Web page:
Parents and Teenagers

Navigating quarantine with your teenager

By Bryn Jessup, PhD
Director, Family Services & Systems,
Yellowbrick

In Illinois, the governor’s stay-at-home order has meant that you and your teenager are probably spending more time at home than you used to, maybe more than you even thought possible. Your teenager has become better acquainted than ever with their phone, their screens and their game systems … with social media and all the usual platforms for communicating with friends and others … and, for better and for worse, with the other members of their own family. Especially with you!

All this togetherness gets complicated and even crazy-making at times. Understanding better what our teenagers are going through can point the way to helping them manage their stress levels and protect your own sanity in the process.

  • Compared with their younger selves, most teenagers want to spend more time with peers, doing more kinds of self-directed activities with friends, and cultivating interests and activities that set them apart from other members of their family.

Extensive research in adolescent development reveals it to be a time of significant brain development particularly in those areas of the brain responsible for directed action and decision-making, including the prefrontal cortex (Giedd, 2015; Siegel, 2014). At the same time, there is a strong developmental push to establish greater independence and autonomy in the context of family relationships, especially with parents (Arnett, 2009). Add to these developments the activation of teenage endocrine systems that in turn heighten emotional experience and reactivity. Research confirms what you may know as parents: older teenagers actually experience emotions more intensely than do children and adults (Sapolsky, 2017). Taken together, these developmental trends mean that most teenagers are strongly disposed to make decisions and take action in the service of keenly felt needs for greater independence, separation and autonomy.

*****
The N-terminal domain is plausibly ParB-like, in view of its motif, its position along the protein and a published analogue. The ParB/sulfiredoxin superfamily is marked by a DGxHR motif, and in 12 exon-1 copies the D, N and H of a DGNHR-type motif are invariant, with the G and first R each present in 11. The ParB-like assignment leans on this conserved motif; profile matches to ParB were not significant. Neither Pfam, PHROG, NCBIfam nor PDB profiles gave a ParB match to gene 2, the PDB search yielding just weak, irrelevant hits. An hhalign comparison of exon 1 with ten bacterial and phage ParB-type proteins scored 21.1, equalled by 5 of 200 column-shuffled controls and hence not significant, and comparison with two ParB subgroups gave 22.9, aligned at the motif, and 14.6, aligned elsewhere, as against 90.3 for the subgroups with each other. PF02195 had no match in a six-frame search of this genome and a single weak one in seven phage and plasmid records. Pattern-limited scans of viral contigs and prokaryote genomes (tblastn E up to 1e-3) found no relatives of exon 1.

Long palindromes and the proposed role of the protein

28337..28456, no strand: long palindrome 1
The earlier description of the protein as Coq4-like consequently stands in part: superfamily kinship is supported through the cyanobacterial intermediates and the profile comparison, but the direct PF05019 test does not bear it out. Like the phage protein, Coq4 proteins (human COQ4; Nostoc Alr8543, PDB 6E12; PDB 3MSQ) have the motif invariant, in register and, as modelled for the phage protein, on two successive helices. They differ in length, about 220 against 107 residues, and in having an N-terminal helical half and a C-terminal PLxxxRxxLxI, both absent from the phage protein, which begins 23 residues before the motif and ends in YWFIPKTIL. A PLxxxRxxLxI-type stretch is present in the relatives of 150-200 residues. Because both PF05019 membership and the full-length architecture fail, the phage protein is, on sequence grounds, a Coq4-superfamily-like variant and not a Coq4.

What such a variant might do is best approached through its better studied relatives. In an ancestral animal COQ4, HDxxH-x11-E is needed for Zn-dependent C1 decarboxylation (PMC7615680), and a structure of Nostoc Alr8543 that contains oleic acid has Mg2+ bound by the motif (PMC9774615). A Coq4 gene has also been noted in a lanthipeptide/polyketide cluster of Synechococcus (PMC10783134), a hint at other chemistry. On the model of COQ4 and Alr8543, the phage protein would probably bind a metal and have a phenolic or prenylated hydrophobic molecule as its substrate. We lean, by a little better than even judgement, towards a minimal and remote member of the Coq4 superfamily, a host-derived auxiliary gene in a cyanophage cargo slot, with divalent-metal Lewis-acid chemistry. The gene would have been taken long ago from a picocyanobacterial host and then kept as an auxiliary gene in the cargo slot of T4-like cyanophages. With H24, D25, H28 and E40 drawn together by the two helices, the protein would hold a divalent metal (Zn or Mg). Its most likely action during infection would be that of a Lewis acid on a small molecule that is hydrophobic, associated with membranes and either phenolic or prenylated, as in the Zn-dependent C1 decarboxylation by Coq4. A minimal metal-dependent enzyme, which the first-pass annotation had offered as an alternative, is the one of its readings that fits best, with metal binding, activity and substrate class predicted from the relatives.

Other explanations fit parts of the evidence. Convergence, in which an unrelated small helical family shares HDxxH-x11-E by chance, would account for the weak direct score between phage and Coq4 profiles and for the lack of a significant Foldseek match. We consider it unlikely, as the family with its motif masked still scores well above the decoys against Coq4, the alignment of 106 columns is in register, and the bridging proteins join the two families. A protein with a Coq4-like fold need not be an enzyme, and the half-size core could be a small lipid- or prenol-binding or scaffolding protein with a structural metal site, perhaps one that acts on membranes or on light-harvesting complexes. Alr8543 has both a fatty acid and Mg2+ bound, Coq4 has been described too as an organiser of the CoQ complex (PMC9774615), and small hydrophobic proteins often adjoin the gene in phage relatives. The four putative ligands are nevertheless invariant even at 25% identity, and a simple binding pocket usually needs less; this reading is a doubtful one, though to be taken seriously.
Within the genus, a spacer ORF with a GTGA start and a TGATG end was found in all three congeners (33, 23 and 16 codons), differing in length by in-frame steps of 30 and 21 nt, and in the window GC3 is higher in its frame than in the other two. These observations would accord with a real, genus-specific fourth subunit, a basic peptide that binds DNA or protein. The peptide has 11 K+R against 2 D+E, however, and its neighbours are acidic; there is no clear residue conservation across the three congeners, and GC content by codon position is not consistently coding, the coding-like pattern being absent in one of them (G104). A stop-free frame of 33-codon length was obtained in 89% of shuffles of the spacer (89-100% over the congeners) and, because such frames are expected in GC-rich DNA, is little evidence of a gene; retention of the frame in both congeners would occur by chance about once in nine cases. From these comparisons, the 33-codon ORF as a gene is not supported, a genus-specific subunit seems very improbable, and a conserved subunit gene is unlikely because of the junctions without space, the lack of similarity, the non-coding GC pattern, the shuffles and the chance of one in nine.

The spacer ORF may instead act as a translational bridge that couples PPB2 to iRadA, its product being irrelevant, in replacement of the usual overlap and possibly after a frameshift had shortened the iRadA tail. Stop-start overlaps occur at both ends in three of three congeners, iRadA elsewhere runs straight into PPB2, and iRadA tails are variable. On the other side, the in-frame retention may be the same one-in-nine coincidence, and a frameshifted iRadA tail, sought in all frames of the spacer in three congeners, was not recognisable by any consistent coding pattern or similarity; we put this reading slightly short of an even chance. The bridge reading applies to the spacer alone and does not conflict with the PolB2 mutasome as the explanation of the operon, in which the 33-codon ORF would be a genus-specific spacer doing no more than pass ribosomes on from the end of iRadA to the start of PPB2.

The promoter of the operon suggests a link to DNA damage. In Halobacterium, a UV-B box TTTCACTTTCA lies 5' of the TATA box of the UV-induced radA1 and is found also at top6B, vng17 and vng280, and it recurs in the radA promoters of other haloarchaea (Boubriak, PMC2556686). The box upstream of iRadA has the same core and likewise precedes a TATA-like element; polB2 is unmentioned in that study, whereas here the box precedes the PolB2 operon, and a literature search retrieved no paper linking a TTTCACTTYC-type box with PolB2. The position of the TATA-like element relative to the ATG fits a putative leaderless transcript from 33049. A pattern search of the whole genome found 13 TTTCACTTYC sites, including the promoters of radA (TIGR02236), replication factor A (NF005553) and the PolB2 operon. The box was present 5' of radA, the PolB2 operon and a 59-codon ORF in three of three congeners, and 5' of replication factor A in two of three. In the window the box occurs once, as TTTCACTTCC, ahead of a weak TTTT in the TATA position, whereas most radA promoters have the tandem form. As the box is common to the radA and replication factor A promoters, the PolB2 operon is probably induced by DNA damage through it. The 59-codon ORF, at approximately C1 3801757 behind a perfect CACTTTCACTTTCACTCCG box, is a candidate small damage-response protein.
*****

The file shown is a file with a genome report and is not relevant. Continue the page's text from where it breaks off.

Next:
• But during the current stay-at-home orders, your teenager doesn’t get to do some of those things at all, or not as much, or only inside your house where EVERYONE ELSE CAN SEE AND HEAR THEM. In the family fishbowl, it’s even harder to do your own thing, to make your own choices, to be your own boss – at a time when that matters more than it ever has before. Why? It’s not just because your teen is cooped up at home – it’s because they’re staying at home with a brain that’s wired for exercising their independence!
  • COVID has affected nearly everything about normal life for you and your teenager: school; work; hanging out with friends, including who you can see, and when, and how, and what you can and can’t do together.  

No wonder your teen seems to be in a bad mood a lot of the time.  

GRIEF and all of its friends

Life during quarantine and “shelter-at-home” looks and feels different from the way things used to be, for everyone in the family. Many of us, and our teens especially, MISS their previous life. For teens, these losses include their freedoms, their connections with others, their routines and their sense of safety and well-being. COVID has upended all of these things, and that’s a lot of LOSS. Some of us have even lost friends or relatives who have died from COVID-related illness and its complications.

Grief is how our brains are wired to react and respond to loss. And so, our minds and bodies do likewise. Grief affects how we think about ourselves and our circumstances, including the interpretations and conclusions we draw about the people around us and about their actions and responses to us. And more importantly, grief shapes how we feel about these things, priming our emotional responses in the moment to reduce the threat of further loss or the painful impact of an existing one.

Grief shows up in all kinds of ways, some obvious and others less so. 

Is your teenager:

  • Feeling more tired than usual lately? That’s grief.
  • Feeling especially bored? Or acting irritable and grumpy? Or vaguely blah and disconnected? Or anxious and nervous for no particular reason? Or just kind of sad and discouraged? All are common reactions of GRIEF.

This isn’t to say that everything your teenager thinks and does during this time of quarantine is fueled by grief over all they have lost. But it’s helpful nonetheless to bear in mind that, behind some of your struggles together, both you and your teenager may be experiencing grief over losses you’ve have little or no means of preventing.

COMMUNICATION

If you’re like most people, you’ve already had your share of fights at home. Maybe you and your teenager found a way to talk something through together, and you both came out the other side with a better understanding of each other. Probably you’ve had more than one fight about the same thing … and arrived at something like an uneasy truce, rather than a real resolution. Why would you expect the next talk/discussion/fight to be any different?